The Board of Trustees is dismayed by the decision by City Council to cut $100,000 from the Ellsworth Public Library’s Fiscal Year 21 budget, and particularly in the way that public statements by city councilors mischaracterize the use of the Library by non-residents. As was discussed at a meeting of the Board of Trustees earlier this year, the Library has already changed the policy to require surrounding towns to either (1) contribute a standardized per capita fee for use of the Ellsworth Public Library by their own residents, or (2) the Library will charge each resident of that town the standard non-resident card fee. In fact, the surrounding towns have, for the most part, been paying into the Library operations budget for many years; it has never been the Library’s policy for surrounding towns and residents to use the Library for free. The City Council had already expressed a desire to see a greater contribution of funding from surrounding towns, and this plan was designed specifically in reaction to that conversation. The new policy will take effect October 1, 2020. Library trustees originally approved this policy to take effect July 1, but due to the COVID pandemic decided to postpone implementation by three months because of the hardship it would impose on many of our longstanding patrons and community members, and the fact that many towns have simply not been able to hold town meetings and vote on this change to their funding.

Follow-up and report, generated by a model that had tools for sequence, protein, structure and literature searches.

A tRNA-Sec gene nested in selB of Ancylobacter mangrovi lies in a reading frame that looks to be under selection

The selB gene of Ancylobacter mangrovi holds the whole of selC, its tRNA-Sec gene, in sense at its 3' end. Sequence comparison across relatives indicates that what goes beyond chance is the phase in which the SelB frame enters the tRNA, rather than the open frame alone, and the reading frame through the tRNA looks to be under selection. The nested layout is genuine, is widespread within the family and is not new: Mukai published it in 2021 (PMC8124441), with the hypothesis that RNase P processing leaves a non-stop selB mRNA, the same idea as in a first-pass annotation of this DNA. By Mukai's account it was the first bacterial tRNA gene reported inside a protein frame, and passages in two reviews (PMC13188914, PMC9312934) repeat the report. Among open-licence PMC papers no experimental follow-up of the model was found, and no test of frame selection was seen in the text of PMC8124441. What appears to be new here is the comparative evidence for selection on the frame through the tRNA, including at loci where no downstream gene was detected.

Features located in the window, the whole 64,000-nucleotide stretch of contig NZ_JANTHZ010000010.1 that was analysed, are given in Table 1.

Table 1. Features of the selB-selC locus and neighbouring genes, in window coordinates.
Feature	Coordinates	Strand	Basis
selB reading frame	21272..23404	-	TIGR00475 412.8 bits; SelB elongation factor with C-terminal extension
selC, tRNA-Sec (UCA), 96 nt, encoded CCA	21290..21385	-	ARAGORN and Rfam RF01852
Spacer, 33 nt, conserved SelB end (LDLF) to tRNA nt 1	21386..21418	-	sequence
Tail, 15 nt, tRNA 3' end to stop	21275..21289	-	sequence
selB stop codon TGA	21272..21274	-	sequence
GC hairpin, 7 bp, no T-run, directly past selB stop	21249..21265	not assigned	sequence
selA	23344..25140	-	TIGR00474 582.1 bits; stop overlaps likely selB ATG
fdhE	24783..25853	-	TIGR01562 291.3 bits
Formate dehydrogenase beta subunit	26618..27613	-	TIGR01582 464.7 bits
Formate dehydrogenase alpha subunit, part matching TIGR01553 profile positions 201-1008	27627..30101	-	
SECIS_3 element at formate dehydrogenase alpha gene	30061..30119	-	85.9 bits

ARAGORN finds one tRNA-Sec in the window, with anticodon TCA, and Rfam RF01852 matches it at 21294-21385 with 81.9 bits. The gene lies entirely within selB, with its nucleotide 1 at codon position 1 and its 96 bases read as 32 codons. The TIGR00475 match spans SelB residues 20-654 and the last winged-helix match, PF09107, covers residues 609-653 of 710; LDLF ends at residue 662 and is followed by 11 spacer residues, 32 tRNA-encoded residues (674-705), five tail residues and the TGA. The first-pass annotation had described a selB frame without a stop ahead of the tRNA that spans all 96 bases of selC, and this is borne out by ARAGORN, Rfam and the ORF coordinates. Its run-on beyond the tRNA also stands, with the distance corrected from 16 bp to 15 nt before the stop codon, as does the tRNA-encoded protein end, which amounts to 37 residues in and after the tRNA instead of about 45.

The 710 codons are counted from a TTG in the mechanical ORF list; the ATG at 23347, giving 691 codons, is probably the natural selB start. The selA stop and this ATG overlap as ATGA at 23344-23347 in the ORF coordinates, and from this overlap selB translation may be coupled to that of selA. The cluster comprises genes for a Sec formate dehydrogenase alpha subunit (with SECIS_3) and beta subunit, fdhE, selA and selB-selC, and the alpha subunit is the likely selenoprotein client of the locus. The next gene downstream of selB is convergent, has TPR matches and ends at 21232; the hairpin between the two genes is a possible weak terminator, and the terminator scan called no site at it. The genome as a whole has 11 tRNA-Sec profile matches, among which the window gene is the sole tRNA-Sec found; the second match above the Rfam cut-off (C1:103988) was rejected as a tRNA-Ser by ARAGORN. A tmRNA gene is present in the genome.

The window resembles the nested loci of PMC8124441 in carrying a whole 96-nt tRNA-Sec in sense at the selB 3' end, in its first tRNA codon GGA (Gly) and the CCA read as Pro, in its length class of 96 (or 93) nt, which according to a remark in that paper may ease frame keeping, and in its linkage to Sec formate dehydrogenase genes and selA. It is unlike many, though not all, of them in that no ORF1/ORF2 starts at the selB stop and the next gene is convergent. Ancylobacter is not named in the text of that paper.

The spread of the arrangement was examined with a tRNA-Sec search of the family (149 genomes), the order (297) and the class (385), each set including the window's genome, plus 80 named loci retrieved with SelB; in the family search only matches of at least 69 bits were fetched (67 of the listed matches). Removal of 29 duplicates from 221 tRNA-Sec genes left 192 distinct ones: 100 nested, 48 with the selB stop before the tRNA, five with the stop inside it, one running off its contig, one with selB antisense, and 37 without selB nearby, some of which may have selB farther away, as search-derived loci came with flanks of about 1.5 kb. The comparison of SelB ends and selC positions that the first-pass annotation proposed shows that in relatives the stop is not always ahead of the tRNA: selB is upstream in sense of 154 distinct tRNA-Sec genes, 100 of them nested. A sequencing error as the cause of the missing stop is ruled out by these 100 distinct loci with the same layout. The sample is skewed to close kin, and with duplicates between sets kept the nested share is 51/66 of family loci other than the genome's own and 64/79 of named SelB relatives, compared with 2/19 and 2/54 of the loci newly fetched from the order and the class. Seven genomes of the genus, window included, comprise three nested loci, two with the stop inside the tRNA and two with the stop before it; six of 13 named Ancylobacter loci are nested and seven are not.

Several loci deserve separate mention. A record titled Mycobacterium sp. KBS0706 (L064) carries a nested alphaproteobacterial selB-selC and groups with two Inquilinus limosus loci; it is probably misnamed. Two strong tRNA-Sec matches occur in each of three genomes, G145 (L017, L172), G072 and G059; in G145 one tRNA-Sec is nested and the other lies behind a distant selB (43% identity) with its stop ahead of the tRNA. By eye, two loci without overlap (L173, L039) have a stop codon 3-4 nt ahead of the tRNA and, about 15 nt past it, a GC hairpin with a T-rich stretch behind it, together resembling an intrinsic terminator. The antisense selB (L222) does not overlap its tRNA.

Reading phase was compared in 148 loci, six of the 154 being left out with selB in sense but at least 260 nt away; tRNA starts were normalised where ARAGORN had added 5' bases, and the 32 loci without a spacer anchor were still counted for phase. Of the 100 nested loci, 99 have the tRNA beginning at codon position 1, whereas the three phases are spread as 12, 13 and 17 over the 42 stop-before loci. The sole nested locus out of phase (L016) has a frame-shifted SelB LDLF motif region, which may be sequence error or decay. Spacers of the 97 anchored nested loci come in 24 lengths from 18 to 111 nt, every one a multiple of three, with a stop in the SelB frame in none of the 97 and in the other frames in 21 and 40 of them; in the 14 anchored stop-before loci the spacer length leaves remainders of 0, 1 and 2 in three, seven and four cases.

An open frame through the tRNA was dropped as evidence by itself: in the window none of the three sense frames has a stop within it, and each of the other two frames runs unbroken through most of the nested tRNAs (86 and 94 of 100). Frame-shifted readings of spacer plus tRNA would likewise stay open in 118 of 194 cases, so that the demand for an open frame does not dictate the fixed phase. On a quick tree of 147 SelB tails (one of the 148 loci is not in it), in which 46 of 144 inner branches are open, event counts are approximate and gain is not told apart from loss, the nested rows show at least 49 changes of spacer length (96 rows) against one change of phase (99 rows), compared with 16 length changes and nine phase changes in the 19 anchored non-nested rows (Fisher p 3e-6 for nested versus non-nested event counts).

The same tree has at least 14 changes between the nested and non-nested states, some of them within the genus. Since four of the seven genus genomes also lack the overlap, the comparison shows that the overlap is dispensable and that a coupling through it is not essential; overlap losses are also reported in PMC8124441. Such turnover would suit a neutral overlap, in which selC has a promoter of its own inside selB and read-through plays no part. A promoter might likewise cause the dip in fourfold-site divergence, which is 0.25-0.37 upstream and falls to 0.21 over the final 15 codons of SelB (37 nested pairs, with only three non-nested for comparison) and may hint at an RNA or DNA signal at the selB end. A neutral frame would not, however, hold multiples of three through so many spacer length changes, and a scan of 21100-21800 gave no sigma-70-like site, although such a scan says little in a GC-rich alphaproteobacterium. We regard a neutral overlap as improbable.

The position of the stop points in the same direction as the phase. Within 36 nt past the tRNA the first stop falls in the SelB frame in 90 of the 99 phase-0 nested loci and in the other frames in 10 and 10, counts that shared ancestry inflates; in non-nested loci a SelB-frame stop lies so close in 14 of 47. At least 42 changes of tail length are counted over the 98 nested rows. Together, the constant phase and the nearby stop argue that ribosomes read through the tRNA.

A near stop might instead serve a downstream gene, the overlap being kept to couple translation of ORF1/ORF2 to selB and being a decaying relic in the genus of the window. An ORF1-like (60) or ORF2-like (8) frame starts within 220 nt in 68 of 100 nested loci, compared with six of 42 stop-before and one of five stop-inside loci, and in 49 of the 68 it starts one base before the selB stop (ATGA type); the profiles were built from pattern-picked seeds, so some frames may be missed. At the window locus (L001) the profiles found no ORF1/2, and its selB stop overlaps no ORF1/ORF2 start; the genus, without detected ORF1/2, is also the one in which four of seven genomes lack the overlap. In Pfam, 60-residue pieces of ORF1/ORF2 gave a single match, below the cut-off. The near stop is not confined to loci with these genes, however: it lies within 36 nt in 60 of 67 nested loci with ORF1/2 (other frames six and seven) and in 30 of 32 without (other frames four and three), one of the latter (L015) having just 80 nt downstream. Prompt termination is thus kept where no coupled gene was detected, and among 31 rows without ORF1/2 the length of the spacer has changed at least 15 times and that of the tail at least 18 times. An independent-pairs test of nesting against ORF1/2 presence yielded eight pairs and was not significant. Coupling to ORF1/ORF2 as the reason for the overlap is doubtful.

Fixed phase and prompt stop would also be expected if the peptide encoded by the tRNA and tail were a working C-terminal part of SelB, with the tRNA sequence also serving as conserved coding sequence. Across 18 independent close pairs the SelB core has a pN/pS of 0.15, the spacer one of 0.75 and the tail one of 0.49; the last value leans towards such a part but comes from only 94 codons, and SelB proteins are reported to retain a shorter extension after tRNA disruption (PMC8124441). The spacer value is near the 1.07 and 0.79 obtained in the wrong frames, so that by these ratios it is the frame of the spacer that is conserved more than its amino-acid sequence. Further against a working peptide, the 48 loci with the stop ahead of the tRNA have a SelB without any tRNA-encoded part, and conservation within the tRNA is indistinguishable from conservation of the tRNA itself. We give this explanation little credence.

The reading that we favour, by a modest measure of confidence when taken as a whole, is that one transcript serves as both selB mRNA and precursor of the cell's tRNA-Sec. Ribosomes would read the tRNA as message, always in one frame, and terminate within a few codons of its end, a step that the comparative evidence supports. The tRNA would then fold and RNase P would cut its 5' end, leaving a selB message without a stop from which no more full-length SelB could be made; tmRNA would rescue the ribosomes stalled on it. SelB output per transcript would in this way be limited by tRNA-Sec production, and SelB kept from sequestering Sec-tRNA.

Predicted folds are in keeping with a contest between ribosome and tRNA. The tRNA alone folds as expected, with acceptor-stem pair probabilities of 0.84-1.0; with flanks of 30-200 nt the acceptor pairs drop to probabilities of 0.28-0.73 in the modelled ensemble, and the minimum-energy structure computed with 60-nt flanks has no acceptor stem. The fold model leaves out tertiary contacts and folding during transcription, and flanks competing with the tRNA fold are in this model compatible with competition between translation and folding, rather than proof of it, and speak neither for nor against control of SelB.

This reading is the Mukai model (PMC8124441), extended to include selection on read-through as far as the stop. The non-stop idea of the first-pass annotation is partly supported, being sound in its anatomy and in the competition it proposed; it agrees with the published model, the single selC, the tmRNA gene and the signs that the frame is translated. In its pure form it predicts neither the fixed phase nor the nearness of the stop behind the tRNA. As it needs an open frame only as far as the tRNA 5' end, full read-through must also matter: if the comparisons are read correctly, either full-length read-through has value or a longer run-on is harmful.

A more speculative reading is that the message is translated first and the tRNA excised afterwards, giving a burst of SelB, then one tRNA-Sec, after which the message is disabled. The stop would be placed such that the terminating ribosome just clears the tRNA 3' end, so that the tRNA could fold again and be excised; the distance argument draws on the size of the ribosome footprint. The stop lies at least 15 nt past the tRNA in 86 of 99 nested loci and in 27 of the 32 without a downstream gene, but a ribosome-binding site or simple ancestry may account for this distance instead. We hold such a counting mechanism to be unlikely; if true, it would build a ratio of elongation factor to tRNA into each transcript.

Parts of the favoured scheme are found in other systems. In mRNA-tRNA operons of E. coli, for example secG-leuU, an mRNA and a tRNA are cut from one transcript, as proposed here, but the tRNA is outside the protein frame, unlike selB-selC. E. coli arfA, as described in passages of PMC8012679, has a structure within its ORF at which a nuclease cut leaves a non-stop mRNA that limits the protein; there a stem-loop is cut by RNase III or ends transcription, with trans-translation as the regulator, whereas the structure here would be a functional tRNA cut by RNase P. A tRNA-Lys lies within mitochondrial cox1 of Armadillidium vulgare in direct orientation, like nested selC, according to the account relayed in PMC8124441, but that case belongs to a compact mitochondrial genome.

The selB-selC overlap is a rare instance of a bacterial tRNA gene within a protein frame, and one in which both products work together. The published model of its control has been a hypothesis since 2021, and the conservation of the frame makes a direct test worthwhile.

Decreasing the city-provided funding by this amount will necessarily reduce the entire Library budget. The $100,000 shortfall cannot be made up by user fees, and is likely to result in significant reduction of Library services. After the Library Board’s December 17 meeting with both Councilors Phillips and Hamilton, we proactively removed more than $34,000 from the budget to avoid this situation, as they had already mentioned the possibility of a six-figure reduction. This made for a $57,000 decrease from the 2019 budget. At a time when so many community members are in desperate need of Library services, The Board of Trustees believes that this action by the City Council will harm children, adults, and senior members of Ellsworth. There remain many possible solutions to the Council’s need to decrease the overall City budget, and propose that a smaller percentage across City departments may be a more fair and equitable way to decrease city funding. 

It is our sincere hope that this decision is reversed, and we are grateful to the residents of Ellsworth and surrounding towns for expressing their own dismay.

Sincerely,

Board of Trustees, Ellsworth Public Library​